“Content marketing” has become the new mantra for brand marketers — people everywhere are trying to come up with viral marketing sensations like the Old Spice Man to reinvigorate tired brands. I attended the Content Marketing Conference this week, where the focus was adaptation to a new marketing paradigm that uses content to engage, and more importantly transact, with consumers. And in many ways, these marketing concepts being taught to brand managers with national accounts are also applicable to small business owners.
Rebecca Lieb from Altimeter Group set the stage with research supporting the consumer attitude shift taking place. Online ads no longer work: 77% of Internet users do not engage in online ads. Meanwhile, a survey of marketers by Altimeter (below) gives traditional advertising a vote of low confidence as persuasive marketing content.
Content marketing is really an old strategy with new tactics. Bill Flitter, the conference organizer, points out that the steps in the process, like ad production and media planning, have updated to accommodate online and mobile channels. For the conference, Bill created a graphic (below) that illustrates the tactics that are evolving around the new marketing discipline for executives trying to devise content marketing strategies.
1. Strategy and Creation. Ads are no longer limited to 30 second spots. Nigel Morris of Aegis Media America urges us to watch a CGI-enhanced 3 1/2 minute “movie” produced by Cartier that has been viewed over 15 million times. Five years ago, there wasn’t a practical media channel to run a long commercial like this, but YouTube is now proving to be a far more flexible and inexpensive channel than the traditional media ad placement.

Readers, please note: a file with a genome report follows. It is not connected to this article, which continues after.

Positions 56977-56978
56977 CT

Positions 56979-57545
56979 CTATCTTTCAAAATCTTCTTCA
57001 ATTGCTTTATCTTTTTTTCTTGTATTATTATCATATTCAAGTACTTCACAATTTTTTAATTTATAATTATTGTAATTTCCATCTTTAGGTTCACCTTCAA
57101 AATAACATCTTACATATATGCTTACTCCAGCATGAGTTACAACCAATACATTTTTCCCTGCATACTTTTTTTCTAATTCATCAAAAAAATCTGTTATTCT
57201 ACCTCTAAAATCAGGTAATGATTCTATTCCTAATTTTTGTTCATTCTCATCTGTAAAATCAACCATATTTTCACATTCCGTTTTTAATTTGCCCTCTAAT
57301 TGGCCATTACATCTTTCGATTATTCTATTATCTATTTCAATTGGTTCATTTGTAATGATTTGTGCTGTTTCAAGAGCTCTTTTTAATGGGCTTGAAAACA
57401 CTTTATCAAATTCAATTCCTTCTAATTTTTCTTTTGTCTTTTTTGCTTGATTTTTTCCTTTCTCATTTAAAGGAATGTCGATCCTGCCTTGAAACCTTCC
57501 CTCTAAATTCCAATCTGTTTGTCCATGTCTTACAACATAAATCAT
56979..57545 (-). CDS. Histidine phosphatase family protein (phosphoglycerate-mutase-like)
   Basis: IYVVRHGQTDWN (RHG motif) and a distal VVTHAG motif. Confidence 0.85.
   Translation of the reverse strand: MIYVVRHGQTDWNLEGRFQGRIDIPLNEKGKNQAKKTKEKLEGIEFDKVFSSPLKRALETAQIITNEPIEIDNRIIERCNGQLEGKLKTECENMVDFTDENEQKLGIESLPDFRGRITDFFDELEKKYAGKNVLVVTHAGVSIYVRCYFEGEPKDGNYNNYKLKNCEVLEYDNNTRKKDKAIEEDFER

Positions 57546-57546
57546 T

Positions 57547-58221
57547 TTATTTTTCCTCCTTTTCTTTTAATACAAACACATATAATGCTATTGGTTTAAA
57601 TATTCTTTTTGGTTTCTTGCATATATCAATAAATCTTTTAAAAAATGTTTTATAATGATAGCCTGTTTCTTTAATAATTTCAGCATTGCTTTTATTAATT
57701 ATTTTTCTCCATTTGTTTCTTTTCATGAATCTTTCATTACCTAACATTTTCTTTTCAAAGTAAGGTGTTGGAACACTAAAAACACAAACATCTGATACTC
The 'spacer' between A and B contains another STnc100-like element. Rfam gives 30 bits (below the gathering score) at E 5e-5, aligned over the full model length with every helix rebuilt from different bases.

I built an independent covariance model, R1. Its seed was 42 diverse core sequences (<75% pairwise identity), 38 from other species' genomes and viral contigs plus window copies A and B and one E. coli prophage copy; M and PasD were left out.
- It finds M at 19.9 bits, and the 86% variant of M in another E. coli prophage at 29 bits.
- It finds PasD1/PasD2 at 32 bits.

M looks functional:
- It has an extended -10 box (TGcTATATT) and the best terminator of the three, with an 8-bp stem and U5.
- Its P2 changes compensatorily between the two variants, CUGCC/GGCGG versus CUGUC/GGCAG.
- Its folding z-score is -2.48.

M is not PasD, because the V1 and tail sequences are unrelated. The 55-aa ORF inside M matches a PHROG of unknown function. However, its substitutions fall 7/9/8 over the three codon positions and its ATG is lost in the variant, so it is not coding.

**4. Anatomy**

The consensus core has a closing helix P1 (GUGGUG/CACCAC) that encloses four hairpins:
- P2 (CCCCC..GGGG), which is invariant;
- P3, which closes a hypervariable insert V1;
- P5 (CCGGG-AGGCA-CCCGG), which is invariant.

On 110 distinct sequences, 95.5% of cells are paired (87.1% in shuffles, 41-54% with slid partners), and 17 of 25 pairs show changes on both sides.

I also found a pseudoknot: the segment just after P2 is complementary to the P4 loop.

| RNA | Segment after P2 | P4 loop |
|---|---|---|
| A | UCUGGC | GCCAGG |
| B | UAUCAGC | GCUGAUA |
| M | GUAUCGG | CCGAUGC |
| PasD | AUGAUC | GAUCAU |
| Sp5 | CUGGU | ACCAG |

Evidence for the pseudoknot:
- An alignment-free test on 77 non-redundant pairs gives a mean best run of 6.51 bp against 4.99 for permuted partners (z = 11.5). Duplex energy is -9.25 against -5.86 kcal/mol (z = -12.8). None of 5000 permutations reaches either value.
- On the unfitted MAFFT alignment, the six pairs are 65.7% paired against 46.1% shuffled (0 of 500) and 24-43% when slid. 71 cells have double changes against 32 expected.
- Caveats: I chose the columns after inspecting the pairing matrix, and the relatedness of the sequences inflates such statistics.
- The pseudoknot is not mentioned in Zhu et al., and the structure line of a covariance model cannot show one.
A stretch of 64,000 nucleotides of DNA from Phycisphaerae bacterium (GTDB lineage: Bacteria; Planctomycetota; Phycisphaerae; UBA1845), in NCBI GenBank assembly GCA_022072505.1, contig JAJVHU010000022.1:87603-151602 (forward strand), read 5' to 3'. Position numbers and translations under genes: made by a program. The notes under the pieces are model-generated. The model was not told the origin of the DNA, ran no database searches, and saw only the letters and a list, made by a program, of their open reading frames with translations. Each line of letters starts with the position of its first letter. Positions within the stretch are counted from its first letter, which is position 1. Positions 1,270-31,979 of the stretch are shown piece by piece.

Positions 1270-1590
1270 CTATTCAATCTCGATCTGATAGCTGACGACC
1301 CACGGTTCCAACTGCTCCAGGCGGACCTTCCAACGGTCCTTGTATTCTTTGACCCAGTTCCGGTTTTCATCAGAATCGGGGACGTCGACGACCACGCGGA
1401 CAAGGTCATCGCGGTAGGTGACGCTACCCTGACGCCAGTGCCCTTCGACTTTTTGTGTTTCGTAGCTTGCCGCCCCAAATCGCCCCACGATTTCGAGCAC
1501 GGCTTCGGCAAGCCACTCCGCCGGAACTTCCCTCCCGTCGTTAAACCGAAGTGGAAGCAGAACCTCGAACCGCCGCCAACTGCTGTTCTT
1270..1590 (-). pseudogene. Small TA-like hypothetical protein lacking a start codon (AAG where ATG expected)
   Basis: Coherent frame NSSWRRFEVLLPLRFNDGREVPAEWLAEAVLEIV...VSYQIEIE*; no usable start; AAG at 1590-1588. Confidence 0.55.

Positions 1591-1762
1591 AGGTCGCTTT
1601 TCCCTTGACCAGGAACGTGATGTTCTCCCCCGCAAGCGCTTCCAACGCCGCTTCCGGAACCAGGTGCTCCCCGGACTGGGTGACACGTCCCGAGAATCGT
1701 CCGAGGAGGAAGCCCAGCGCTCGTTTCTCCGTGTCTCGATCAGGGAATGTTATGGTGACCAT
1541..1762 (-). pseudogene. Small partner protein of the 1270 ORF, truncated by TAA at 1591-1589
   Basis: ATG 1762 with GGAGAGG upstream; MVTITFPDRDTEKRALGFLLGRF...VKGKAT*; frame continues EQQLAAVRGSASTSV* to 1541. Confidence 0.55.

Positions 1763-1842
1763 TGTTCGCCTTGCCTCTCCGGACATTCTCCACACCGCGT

2. Curation. Content production is expensive. It’s now easy and cheaper to leverage good existing content to accentuate a brand’s marketing points and reinforce their position of media authority within their domain. AmEx, whose target customers are small business, developed OpenForum.com by curating writers from business sites (including Street Fight) to create content around small business issues. And many startups, like Kapost and Curata, have popped up to deliver real-time curated content for brands.
3. Management and Distribution. Content is text, pictures and video, and it needs to managed across multiple devices and distributed across multiple channels. Media planners used to buy ad placements and manage the logistics of videotape delivery. Now content is managed online and promoted via social media. And monitoring is far more complicated. Ad campaigns just focused on view and conversion metrics, now brands need to react and respond to the social web to ensure campaign engagement success.
Small businesses need to think like the brands they are. They should be following the same protocol now being established by these big brands when it comes to marketing with online content. To do so, they first need to create a portfolio of content — blogs, videos, webinars — and use the new distribution channels and social media to get the word out. Next, learn how to curate; For example, an indie home and garden store should syndicate gardening content and create a local social arena discussing home and garden for their community.
By moving into content marketing, small businesses can become more than simply a storefront — they can be a local media resource revolving around their products and services. That can be much more persuasive than simply placing an ad.
Patrick Kitano is founding Principal of Brand into Media, a strategy group for social brand management solutions, and administrator of the Breaking News Network, a national hyperlocal network devoted to community service. He is the author of Media Transparent, and contributor to Social Media Today, Daily Deal Media, and The Customer Collective. He is reachable via Twitter @pkitano and email firstname.lastname@example.org.